This famous Rule soon won nearly universal approval as providing shape for monasticism in the West. Benedict’s Rule was also read with appreciation in the East. It became the norm for tens of thousands of new monastic communities in Europe and it served as an inspiration for the slightly altered ideals that created the Mendicant Orders (or “friars”) in the twelfth and thirteenth centuries. “Never in the recorded history of Christianity has a person whose own life remains so obscure,’ writes historian Mark Noll, ‘done a deed with greater public consequences.”  While ruling his monks, most of whom including Benedict, were not ordained, he counseled rulers and popes and ministered to the poor and destitute around him. 

 

Benedict died of a high fever at Monte Cassino at its magnificent abbey, while standing in prayer to God. According to tradition, this occurred on March 21, 543 or 547. But due to the observance of Lent, he is commemorated on July 11, including in the Anglican Church.  He was buried with his sister in the same grave. 

 

He is the patron saint of Europe, students, monks, against poison, farmers, cave explorers and many more. It is quite an impressive list and it shows how influential St. Benedict is. In fact, the early Middle Ages have been called “the Benedictine centuries.” Benedict lived at the end of the classical age when Roman civilization had been overrun by barbarian hordes. It was the Benedictines who, in the words of Pope Paul VI, “brought Christian culture to the peoples scattered from the Mediterranean to Scandinavia, from Ireland to Poland.” During the Dark Ages, Benedictines taught people how to read and write, to cultivate the soil, to develop crafts and the arts, and to pray. In short, Benedict helped bring about stability during a very unstable time period.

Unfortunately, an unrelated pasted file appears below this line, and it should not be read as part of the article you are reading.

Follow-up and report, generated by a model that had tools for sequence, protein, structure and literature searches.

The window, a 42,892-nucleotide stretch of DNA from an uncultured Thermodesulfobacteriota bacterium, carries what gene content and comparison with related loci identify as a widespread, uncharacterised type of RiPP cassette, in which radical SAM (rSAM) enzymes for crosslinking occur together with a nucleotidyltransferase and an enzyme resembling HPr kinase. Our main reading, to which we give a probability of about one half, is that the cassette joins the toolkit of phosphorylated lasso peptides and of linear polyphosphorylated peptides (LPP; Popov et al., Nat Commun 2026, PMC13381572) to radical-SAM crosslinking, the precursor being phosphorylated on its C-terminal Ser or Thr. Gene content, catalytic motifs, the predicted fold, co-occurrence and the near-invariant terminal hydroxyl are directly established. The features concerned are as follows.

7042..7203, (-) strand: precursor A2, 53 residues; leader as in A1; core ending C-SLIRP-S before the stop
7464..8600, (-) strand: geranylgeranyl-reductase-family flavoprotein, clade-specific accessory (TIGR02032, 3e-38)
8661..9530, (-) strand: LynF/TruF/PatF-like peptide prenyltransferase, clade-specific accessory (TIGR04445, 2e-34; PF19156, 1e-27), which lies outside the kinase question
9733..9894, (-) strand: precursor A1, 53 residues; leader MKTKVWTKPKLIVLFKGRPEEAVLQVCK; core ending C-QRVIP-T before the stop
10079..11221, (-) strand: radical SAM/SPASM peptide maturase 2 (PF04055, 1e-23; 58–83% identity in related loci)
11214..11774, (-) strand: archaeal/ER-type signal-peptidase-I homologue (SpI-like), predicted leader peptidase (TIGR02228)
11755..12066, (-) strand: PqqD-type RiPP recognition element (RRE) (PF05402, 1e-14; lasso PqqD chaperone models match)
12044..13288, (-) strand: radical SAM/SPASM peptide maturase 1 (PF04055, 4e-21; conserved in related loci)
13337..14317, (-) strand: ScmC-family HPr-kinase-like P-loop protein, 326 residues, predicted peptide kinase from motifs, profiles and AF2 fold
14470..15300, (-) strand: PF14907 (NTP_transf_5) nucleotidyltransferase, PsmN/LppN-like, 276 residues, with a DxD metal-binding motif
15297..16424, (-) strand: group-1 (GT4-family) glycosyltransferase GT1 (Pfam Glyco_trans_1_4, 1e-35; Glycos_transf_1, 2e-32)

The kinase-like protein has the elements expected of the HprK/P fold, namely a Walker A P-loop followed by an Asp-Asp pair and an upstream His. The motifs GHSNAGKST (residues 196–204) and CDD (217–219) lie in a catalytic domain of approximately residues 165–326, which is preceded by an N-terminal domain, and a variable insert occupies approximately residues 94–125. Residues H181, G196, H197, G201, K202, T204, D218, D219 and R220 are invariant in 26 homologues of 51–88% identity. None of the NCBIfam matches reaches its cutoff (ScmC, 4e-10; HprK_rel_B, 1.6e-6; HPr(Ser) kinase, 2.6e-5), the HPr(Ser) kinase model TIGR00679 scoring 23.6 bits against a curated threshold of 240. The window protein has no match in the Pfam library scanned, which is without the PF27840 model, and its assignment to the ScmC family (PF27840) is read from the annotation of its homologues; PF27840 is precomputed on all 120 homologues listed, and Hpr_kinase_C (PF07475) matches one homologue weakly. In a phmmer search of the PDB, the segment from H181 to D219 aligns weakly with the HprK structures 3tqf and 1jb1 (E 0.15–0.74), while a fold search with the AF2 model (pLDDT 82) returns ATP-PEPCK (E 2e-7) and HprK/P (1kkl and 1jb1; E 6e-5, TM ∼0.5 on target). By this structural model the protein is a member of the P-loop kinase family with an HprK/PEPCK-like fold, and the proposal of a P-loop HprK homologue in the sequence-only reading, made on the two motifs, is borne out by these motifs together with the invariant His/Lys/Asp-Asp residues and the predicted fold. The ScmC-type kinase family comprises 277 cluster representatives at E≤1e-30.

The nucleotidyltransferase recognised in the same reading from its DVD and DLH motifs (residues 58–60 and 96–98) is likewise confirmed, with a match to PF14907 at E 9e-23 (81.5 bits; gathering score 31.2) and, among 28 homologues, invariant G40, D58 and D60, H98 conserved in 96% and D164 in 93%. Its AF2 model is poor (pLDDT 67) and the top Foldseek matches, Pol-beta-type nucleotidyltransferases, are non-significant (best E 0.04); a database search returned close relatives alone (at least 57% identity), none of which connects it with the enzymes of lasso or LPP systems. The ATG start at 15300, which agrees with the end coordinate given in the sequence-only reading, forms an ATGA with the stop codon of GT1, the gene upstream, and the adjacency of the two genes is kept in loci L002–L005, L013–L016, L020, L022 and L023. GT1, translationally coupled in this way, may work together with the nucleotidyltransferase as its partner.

In April 2008, Pope Benedict XVI discussed the influence St. Benedict had on Western Europe. The pope emeritus said that “with his life and work St. Benedict exercised a fundamental influence on the development of European civilization and culture” and helped Europe to emerge from the “dark night of history” that followed the fall of the Roman Empire. Benedict of named the patron protector of Europe by Pope Paul VI in 1964. In 1980, Pope John Paul II declared him co-patron of Europe, together with Saints Cyril and Methodius. To this day, The Rule of St. Benedict is the most common and influential Rule used by monasteries and monks, more than 1400 years after its writing.